Do you usually rake up the leaves and let the trash truck worry about their disposal? Why? Fall leaves make wonderful raw materials for arts and crafts. In the garden, they are extremely useful and contribute to the soil's health in the spring. With the fall holidays fast approaching, fallen leaves are excellent for use in common decorations. Do not discount the free decorative items that are quite literally falling from the trees.
- Make the soil cozy for earthworms. In its publication "Garden Highlights," Oregon State University experts suggest chopping up the wealth of fallen leaves. By turning them into mulch and adding a layer of about six inches to the soil, you will coax earthworms to stay closer to the surface in fall and benefit the roots of your plants.
- Stuff a scarecrow. With both Halloween and Thanksgiving having uses for scarecrow displays, why buy costly hay when free stuffing is actually falling from the trees? Use only a little bit of hay around the hands and feet for artistic versatility.
- Add some fresh leaves to the barbeque. Better Homes and Gardens notes that grapevine cuttings are great aromatics to add to the hot coals of a barbeque. Since fall is the time to cut by the sprawling vines, be sure to only use fresh clippings.
- Make a tree. This is a great activity for a rainy day and bored children. Paint the trunk and branches. Glue on the leaves. If you really want to get fancy, make some apple prints to turn the tree into an apple tree.
- Make Thanksgiving wreaths. Michaels has a great foam leaf project. Omit the foam leaves and use real dried leaves instead, the bigger the better.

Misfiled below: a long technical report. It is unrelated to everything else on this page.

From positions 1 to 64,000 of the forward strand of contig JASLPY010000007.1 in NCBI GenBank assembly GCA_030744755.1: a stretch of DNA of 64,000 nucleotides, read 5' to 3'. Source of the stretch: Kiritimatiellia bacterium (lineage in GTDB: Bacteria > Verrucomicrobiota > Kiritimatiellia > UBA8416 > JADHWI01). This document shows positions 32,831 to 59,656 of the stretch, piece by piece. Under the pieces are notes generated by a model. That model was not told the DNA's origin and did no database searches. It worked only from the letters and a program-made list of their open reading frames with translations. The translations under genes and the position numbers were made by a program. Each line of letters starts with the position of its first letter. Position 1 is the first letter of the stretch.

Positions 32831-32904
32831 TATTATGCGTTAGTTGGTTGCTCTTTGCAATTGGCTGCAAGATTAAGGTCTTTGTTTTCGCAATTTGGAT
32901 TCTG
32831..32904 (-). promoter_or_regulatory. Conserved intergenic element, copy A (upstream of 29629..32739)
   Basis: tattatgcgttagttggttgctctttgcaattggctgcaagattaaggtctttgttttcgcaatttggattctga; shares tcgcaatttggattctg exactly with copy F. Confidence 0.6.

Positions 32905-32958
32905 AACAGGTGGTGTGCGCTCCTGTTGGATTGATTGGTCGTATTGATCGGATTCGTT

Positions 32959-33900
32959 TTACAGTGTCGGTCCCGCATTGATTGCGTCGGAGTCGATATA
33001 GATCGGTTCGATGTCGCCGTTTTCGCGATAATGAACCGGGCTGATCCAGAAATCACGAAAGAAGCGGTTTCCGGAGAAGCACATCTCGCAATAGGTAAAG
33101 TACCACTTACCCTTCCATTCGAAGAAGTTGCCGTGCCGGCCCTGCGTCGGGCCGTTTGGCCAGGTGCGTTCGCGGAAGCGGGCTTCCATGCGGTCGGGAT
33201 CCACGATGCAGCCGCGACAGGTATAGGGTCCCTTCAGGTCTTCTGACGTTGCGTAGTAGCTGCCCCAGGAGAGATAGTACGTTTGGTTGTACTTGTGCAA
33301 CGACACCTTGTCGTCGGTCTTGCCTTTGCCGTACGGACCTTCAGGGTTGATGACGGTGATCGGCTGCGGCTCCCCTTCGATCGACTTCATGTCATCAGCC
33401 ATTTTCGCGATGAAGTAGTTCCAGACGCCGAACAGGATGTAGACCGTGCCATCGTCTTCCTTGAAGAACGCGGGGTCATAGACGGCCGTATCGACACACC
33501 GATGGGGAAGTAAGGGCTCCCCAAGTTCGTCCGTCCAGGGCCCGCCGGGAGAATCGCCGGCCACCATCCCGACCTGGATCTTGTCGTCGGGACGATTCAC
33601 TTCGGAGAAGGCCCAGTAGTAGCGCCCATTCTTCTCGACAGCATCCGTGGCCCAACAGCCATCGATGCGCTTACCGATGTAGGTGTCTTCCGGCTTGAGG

- Rub the leaves. Put leaves underneath a brown piece of construction paper. Rub over each leaf with gold or red crayons. Repeat with other leaves. These rubbings make for gorgeous artwork.
- Craft bookmarks. These are great for holiday gift giving. Find some nice leaves of different sizes. Glue a smaller leave on top of a larger leaf. Write the recipient's name on the top leaf. Seal the art project with clear packing tape.
- Make a collage. The Columbus Museum of Art displays Georgia O'Keeffe's "Autumn Leaves" oil painting. Collect some leaves and dry them. Then try to recreate the painting as a collage.
- Make leaf hats. Collect plenty of leaves. Use florist wire to thread together leaves and attach them to an inexpensive hat. Dollar stores frequently carry large straw sunhats, which are perfect for this type of project. Whoever makes the craziest design wins.
- Get ready for the holidays with leaf-printed wrapping paper. Buy solid color wrapping paper. Choose a variety of pretty leaves that are still pliable. Paint the leaves in red, green or gold. Press the leaves to the paper and repeat. Make patterns or just randomly print on the wrapping paper.
More by Sylvia Cochran